Socrates and his young friend Plato enjoyed a natter. One of the things the old master liked talking about was talking, about how the spoken word was superior to this new-fangled writing lark, which, far from providing "a recipe for wisdom and memory" as its proponents suggested, actually leads to its opposite, causing forgetfulness as people came to rely on the crutch of "external marks". We know all this, of course, because Plato wrote it down. As Umberto Eco remarked, Socrates expresses "an eternal fear: the fear that a new technological achievement could abolish or destroy something that we consider precious, fruitful, something that represents a value in itself, and a deeply spiritual one".

Conversation around the effect T20 has had - is having - on cricket, particularly its venerable form (its Platonic essence?) of Test matches, often has a similarly future-phobic tenor. However, between the out-and-out sceptics steadfastly maintaining that T20 is somehow "not proper" and the evangelists zealously and uncritically espousing T20's dynamism as the sport's panacea, there are a range of more nuanced positions.

The majority of these recognise the immense interest (and value) created by T20's hothousing of skills - not least the way they have fed back into the Test game, largely eradicating the bore draw, and unquestionably improving batting and fielding. Yet the fence-sitters share the sceptics' justifiable concerns that the proliferation of T20 will lead, if not to the obsolescence of the Test game, then certainly to irreversible changes, not all of them for the better.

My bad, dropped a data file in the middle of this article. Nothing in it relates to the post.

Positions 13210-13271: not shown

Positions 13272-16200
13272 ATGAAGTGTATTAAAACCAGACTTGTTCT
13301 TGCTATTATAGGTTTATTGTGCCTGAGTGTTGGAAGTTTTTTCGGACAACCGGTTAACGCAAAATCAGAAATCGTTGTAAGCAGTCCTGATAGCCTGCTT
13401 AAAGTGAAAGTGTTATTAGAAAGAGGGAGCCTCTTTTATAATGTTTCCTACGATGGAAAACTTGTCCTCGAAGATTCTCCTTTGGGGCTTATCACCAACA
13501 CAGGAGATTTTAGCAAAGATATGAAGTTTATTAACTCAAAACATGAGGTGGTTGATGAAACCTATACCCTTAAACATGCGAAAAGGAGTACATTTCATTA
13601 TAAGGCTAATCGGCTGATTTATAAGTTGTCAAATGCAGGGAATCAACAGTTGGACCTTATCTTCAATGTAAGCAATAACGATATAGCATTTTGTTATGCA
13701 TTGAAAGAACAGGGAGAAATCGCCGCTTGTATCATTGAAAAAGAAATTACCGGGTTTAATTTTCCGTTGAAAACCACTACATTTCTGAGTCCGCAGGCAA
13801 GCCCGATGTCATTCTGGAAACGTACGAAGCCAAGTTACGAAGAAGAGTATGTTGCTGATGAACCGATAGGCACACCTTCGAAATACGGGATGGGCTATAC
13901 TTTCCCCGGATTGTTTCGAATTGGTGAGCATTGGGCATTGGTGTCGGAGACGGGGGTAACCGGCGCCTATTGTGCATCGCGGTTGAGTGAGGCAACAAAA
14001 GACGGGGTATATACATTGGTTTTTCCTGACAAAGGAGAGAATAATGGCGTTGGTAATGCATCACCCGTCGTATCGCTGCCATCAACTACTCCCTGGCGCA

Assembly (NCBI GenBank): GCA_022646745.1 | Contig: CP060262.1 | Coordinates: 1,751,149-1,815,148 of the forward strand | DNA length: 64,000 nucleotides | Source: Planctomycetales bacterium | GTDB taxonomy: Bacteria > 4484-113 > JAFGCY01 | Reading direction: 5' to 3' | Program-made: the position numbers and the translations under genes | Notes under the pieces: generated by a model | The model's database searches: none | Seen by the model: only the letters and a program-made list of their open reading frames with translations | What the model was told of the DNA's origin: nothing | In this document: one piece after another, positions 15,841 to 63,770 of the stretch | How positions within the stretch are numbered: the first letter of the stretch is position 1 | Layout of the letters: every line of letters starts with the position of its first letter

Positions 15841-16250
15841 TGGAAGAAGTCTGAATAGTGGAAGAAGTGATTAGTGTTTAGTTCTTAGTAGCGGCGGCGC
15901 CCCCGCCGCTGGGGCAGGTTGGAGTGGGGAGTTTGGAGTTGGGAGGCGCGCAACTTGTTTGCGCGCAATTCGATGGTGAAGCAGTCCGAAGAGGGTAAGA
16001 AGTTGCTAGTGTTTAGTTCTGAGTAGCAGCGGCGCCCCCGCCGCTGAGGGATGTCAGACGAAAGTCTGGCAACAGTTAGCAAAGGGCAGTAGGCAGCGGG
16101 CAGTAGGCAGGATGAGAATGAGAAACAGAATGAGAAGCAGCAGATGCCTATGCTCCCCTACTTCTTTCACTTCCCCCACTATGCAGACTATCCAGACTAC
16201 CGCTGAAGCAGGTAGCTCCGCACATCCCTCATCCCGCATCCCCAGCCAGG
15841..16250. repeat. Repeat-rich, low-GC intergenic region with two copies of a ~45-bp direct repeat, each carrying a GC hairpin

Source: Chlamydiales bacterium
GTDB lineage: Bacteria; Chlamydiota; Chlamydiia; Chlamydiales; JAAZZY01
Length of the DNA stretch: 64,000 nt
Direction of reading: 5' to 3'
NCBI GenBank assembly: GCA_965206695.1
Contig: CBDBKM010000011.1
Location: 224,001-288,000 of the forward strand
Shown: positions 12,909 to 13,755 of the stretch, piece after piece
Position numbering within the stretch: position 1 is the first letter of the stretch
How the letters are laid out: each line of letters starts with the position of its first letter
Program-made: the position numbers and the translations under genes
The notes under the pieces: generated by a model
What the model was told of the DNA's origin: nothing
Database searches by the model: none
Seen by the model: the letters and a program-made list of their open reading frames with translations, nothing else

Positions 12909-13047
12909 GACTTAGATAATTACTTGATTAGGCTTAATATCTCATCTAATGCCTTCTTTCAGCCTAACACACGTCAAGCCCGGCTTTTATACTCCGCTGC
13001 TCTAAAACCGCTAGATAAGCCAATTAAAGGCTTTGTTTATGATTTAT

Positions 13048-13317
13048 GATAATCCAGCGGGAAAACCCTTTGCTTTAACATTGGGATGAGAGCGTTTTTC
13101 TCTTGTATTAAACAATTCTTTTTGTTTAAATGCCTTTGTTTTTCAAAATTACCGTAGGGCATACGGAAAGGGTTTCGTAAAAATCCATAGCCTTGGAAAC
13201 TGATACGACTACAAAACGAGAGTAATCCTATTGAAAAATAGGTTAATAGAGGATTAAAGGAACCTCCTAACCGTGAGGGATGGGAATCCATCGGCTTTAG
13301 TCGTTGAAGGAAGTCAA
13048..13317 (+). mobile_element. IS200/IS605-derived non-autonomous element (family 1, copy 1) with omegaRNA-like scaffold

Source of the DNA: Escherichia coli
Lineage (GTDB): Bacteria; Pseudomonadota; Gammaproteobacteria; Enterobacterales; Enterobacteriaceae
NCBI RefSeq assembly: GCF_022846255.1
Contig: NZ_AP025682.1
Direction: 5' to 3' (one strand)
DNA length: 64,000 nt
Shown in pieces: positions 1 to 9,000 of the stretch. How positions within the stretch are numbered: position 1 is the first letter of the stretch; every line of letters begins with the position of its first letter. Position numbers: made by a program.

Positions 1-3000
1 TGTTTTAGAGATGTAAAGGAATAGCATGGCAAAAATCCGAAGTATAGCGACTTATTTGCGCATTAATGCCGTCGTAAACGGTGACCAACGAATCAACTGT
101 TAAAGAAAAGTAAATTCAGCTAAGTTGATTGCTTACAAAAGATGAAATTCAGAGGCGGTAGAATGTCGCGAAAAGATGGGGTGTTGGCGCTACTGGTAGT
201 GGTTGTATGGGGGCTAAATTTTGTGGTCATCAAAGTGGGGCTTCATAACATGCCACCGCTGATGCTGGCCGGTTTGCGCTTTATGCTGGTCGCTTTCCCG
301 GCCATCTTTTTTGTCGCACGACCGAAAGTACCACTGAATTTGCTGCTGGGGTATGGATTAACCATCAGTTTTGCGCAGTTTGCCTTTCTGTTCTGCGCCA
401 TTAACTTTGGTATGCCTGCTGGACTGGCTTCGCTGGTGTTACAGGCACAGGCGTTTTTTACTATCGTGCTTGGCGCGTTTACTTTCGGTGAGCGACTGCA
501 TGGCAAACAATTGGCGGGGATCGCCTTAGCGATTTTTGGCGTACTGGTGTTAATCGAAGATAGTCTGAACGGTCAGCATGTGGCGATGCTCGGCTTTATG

Incidentally, Eco's remarks are cited in Nicholas Carr's The Shallows, a book that looks at "neuroplasticity" - the idea that, far from being "hardwired" and unchanging, the brain's neural circuitry is mutable, shifting in response to the stimuli of experience - and the effect that the internet, a vast "distraction machine", is having on human cognition and memory, slowly and implacably "rewiring" our synaptic connections.

It may be a stretch to compare the brain's neuroplasticity to cricket's "nervous system", but if we conceive of a person, or a personality, as the two-way site of translation between sub-personal neural connections and supra-personal social forces (incentives, opportunities, risks, inhibitions), then clearly our changing tastes affect the cricketing superstructure, just as the nature of that structure affects our tastes and dispositions.

Asking a novice spinner to go from a four-day red-ball game to a T20 is a recipe for cognitive overload. Your best ball in T20 often gets carted, while, in four-day cricket, there's a premium on strong grouping with good revs

States of excitation and deprivation insinuate themselves into our innermost being, our personalities. So, much as people addicted to watching pornography can only become aroused in certain ways, perhaps the same is true of those exclusively turned on by the thrusting immediacy of T20. The real issue, though, is not whether generations reared on T20 will find Tests boring as spectators but that its future players are not learning some of the skills required to prosper in red-ball cricket.

This is not the case with fielding and batting - which, as I say, have been enhanced, and in turn have enhanced red-ball cricket - especially since the latter is often about decision-making, applying rather than honing skills. Learning how to switch-hit cannot detract from your ability to bat three sessions. Fast bowling's margins for error mean learning the trade isn't especially adversely affected by T20 either (although the emphasis on explosiveness over stamina may have knock-on effects), but can the same be said of spin bowling?